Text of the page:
It will be appreciated that the present invention may be used for the early detection of various types of identity fraud. For example, the consumer may notice that third party entities, such as merchants, are accessing the consumer's credit card information or other privacy data. If the third party entities are not known to the consumer, then further investigation by consumer may determine that the consumer's privacy data is being used in a fraudulent manner and the consumer can take appropriate action to end the identity fraud before it proceeds any further. In accordance with one aspect of the present invention, the consumer may use privacy service system 100 to take appropriate actions such as notifying various financial institutions of the identify fraud. Alternatively, privacy service system 100 may automatically take appropriate actions such as notifying financial institutions and the like.

It will be appreciated that many applications of the present invention could be formulated. One skilled in the art will appreciate that network 110 may interface with any system for exchanging data or transacting business, such as the Internet, an intranet, an extranet, WAN, LAN, satellite communications, and/or the like. The users may interact with the system via any input device such as a keyboard, mouse, kiosk, personal digital assistant, handheld computer (e.g., Palm Pilot®), cellular phone and/or the like. Similarly, the invention could be used in conjunction with any type of personal computer, network computer, workstation, minicomputer, mainframe, or the like running any operating system such as any version of Windows, Windows NT, Windows2000, Windows 98, Windows 95, MacOS, OS/2, BeOS, Linux, UNIX, Solaris, Windows XP, or the like. Moreover, although the invention is frequently described herein as being implemented with TCP/IP communications protocols, it will be readily understood that the invention could also be implemented using IPX, Appletalk, IP-6, NetBIOS, OSI or any number of existing or future protocols. Moreover, the system contemplates the use, sale or distribution of any goods, services or information over any network having similar functionality described herein.

In the foregoing specification, the invention has been described with reference to specific embodiments. However, it will be appreciated that various modifications and changes can be made without departing from the scope of the present invention. The specification and figures are to be regarded in an illustrative manner, rather than a restrictive one, and all such modifications are intended to be included within the scope of present invention. For example, the steps recited in any of the method or process claims may be executed in any order and are not limited to the order presented.

Benefits, other advantages, and solutions to problems have been described above with regard to specific embodiments. However, the benefits, advantages, solutions to problems, and any element(s) that may cause any benefit, advantage, or solution to occur or become more pronounced are not to be construed as critical, required, or essential features or elements of any or all the claims. As used herein, the terms “comprises”, “comprising”, or any other variation thereof, are intended to cover a non-exclusive inclusion, such that a process, method, article, or apparatus that comprises a list of elements does not include only those elements but may include other elements not expressly listed or inherent to such process, method, article, or apparatus. Further, no element described herein is required for the practice of the invention unless expressly described as “essential” or “critical”.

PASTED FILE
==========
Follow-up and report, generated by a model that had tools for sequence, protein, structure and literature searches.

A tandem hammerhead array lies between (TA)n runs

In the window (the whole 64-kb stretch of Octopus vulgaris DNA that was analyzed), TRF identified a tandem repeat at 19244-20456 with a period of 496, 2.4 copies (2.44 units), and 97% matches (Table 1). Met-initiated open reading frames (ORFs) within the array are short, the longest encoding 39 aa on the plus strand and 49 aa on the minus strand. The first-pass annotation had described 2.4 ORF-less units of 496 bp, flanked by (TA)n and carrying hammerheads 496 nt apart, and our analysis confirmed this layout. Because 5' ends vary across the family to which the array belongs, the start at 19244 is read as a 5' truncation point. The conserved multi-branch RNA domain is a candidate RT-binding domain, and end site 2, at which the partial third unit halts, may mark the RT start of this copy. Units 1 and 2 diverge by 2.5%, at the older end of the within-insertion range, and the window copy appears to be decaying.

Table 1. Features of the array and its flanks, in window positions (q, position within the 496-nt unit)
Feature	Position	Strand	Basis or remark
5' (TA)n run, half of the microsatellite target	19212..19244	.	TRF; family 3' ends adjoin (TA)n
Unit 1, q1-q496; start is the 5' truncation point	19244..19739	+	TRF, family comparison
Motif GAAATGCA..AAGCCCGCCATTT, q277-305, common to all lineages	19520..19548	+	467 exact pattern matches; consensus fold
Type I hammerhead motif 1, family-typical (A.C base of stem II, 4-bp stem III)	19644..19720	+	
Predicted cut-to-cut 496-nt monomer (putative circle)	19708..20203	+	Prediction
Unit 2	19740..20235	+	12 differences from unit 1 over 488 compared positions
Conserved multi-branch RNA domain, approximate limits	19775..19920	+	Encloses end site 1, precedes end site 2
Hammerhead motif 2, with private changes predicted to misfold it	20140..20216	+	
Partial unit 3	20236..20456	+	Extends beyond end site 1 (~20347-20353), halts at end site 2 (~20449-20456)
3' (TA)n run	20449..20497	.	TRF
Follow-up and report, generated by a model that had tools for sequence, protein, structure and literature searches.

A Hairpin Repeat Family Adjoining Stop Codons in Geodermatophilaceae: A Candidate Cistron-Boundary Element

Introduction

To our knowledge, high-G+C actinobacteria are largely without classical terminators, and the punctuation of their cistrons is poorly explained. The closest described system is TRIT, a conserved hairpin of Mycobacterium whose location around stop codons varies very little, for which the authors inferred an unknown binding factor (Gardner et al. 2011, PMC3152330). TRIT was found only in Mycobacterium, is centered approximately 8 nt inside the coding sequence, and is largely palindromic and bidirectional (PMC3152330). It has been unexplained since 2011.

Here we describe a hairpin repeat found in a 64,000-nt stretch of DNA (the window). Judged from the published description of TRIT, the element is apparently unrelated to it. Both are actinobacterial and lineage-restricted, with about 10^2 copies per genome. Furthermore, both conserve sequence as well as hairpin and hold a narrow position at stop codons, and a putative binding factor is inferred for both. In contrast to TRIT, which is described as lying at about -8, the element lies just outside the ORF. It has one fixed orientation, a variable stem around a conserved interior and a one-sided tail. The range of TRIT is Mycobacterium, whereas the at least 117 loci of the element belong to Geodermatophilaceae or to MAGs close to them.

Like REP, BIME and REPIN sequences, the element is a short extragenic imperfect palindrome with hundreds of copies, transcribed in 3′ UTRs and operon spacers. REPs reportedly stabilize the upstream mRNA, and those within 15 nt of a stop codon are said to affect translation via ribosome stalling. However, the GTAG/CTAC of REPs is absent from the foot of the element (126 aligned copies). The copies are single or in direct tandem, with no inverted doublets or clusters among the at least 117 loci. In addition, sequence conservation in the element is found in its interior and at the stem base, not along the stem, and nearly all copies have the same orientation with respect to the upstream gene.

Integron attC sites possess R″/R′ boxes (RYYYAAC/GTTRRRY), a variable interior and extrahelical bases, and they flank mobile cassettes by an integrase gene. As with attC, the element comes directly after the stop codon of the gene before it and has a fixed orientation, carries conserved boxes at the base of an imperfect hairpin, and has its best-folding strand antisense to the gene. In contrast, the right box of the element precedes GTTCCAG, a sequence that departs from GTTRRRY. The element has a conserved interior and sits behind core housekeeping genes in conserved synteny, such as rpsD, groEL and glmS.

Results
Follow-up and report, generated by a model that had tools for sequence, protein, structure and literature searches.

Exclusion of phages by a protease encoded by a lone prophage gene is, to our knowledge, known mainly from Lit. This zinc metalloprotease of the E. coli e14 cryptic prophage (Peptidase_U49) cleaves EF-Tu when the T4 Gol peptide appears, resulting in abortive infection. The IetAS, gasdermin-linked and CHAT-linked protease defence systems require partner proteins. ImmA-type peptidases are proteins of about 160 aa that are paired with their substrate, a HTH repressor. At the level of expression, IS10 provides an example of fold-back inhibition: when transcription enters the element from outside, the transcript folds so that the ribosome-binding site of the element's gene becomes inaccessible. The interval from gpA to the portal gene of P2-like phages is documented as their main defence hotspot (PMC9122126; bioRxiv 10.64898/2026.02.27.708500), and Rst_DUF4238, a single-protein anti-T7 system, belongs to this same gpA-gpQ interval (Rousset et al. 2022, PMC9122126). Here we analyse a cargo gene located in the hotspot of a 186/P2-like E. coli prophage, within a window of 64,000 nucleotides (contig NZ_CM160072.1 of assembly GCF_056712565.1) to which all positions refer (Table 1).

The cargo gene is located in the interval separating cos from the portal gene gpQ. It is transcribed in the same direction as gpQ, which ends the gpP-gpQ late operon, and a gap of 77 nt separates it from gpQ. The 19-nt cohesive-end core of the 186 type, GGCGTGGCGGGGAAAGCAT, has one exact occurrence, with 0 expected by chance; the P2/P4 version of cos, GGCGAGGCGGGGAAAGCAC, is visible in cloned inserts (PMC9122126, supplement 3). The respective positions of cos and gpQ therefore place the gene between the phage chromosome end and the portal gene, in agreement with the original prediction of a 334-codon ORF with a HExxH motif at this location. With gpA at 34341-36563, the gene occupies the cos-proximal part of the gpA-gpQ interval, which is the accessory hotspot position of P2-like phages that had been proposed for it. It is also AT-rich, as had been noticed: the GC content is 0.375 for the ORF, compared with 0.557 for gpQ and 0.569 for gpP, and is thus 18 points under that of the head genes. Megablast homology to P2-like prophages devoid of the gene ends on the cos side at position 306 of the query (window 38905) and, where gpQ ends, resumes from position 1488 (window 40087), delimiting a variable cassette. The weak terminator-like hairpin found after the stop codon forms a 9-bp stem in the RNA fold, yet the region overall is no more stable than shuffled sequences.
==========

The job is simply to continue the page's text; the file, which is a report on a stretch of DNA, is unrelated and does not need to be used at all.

Claims (20)

1. A method for facilitating a self audit of a first privacy data associated with a first user and a second privacy data associated with a second user, comprising the steps:
collecting the first privacy data associated with the first user;
storing the first privacy data in a central database;
collecting the second privacy data associated with the second user;
storing the second privacy data in the central database;
facilitating the first user to self audit the first privacy data, wherein the first user is restricted from auditing the second privacy data, and wherein the self audit comprises:
retrieving audit information for the stored first privacy data;
reviewing the retrieved audit information; and
changing a first privacy policy and the first privacy data associated with the first user based on the first user's review of the audit information; and
facilitating the second user to self audit the second privacy data, wherein the second user is restricted from auditing the first privacy data, and wherein the self audit comprises:
retrieving audit information for the stored second privacy data;
reviewing the retrieved audit information; and
changing a second privacy policy and the second privacy data associated with the second user based on the second user's review of the audit information.
2. The method of claim 1, wherein said step of collecting the first privacy data comprises collecting the first privacy data in accordance with the first privacy policy, and wherein said step of collecting the second privacy data comprises collecting the second privacy data in accordance with the second privacy policy.
3. The method of claim 1, wherein said steps of storing the first and second privacy data comprises storing the first and second privacy data in a plurality of distributed databases.
4. The method of claim 1, further comprising the steps of: